HOME
The Info List - Anglo-Irish


--- Advertisement ---



Anglo-Irish
Anglo-Irish
(Irish: Angla-Éireannach) is a term which was more commonly used in the 19th and early 20th centuries to identify a social class in Ireland, whose members are mostly the descendants and successors of the English Protestant Ascendancy.[1] They mostly belong to the Anglican Church of Ireland, which was the established church of Ireland
Ireland
until 1871, or to a lesser extent one of the English dissenting churches, such as the Methodist
Methodist
church, though some were also Catholic. Its members tended to follow English practices in matters of culture, science, law, agriculture and politics but often defined themselves as simply "Irish" or "British", rather than "Anglo-Irish" or "English".[2] Many became eminent as administrators in the British Empire
British Empire
and as senior army and naval officers. The term is not usually applied to Presbyterians
Presbyterians
in the province of Ulster, whose ancestry is mostly Lowland Scottish, rather than English or Irish, and who are sometimes identified as "Ulster-Scots". The Anglo-Irish
Anglo-Irish
held a wide range of political views, with some being outspoken Irish Nationalists, but most overall being Unionists. And while many of the Anglo-Irish
Anglo-Irish
were part of the English diaspora
English diaspora
in Ireland, some were of native Irish origin in part and Catholic but had converted to Anglicanism.[3]

Contents

1 Anglo-Irish
Anglo-Irish
social class

1.1 Business interests 1.2 Prominent members

2 Attitude towards Irish independence 3 Anglo-Irish
Anglo-Irish
peers 4 See also 5 References

5.1 Bibliography

Anglo-Irish
Anglo-Irish
social class[edit] See also: Protestant Ascendancy The term "Anglo-Irish" is often applied to the members of the Church of Ireland
Ireland
who made up the professional and landed class in Ireland from the 17th century up to the time of Irish independence in the early 20th century. In the course of the 17th century, this Anglo-Irish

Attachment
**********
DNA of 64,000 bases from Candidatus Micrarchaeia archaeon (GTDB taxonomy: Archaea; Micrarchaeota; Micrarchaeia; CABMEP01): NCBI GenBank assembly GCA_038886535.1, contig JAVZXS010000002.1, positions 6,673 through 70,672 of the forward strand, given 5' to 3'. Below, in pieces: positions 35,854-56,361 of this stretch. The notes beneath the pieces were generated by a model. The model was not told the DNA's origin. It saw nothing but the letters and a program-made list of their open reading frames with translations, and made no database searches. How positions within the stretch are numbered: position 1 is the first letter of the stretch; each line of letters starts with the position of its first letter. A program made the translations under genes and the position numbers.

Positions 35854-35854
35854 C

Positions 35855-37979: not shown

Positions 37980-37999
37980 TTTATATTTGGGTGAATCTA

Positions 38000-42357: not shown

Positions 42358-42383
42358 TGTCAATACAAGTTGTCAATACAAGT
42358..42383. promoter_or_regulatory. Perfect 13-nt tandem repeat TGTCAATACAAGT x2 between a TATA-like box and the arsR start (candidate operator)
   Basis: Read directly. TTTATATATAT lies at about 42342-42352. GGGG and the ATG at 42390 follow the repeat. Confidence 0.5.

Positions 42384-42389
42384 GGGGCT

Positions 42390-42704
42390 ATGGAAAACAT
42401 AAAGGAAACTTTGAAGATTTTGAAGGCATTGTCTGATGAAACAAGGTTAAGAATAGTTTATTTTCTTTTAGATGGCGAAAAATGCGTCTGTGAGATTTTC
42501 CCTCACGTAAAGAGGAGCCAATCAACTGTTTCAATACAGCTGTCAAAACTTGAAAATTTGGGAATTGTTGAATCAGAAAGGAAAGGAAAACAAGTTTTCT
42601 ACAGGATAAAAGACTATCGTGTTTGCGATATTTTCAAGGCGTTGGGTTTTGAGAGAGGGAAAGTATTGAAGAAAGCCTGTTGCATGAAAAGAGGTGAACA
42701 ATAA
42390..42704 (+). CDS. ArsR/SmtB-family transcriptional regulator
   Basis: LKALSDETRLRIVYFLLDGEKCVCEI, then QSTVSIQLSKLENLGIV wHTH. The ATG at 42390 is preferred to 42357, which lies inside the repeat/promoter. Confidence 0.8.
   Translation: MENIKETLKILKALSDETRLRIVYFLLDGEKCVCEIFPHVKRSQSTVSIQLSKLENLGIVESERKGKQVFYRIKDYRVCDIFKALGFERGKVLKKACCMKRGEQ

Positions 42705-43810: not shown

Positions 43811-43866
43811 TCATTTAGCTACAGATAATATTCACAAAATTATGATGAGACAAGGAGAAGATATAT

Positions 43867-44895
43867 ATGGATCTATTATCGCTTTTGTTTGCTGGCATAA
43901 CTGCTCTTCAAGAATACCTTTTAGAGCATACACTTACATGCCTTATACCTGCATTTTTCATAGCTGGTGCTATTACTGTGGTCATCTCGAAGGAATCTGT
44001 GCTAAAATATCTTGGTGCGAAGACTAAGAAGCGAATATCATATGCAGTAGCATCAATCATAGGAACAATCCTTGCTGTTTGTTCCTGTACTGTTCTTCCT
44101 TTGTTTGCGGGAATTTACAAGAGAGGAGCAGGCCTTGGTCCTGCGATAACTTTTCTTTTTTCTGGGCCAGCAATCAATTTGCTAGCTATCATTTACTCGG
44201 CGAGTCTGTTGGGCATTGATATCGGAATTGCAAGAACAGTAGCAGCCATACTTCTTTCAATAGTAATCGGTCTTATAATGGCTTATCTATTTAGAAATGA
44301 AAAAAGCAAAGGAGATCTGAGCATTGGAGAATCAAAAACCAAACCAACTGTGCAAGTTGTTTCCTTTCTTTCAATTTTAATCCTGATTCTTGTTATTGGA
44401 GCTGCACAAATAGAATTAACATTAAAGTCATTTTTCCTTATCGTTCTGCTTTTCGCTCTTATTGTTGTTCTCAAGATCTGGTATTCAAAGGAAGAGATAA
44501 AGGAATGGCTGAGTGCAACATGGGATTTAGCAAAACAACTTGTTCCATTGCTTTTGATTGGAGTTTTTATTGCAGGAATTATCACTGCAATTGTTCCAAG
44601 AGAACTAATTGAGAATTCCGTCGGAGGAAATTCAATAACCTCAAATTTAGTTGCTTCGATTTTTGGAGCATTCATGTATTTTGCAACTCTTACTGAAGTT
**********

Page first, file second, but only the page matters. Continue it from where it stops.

Anglo-Irish
landed class replaced the Gaelic Irish and Old English aristocracies as the ruling class in Ireland. They were also referred to as "New English" to distinguish them from the "Old English", who descended from the medieval Hiberno-Norman settlers. A larger but less socially prominent element of the Protestant Irish population were immigrant French Huguenots and the English and Scottish dissenters who settled in Ireland
Ireland
in the 17th and 18th centuries in the plantation period. Many of these, especially the Scots-Irish or their descendants, emigrated to the American colonies, particularly in the eighteenth century before the American Revolutionary War. Under the Penal Laws, which were in force between the 17th and 19th centuries (although enforced with varying degrees of severity), Roman Catholic recusants in Great Britain and Ireland
Ireland
were barred from holding public office, while in Ireland
Ireland
they were also barred from entry to the University of Dublin
Dublin
and from professions such as law, medicine, and the military. The lands of the recusant Roman Catholic landed gentry who refused to take the prescribed oaths were largely confiscated during the Plantations of Ireland. The rights of Roman Catholics to inherit landed property were severely restricted. Those who converted to the Church of Ireland
Church of Ireland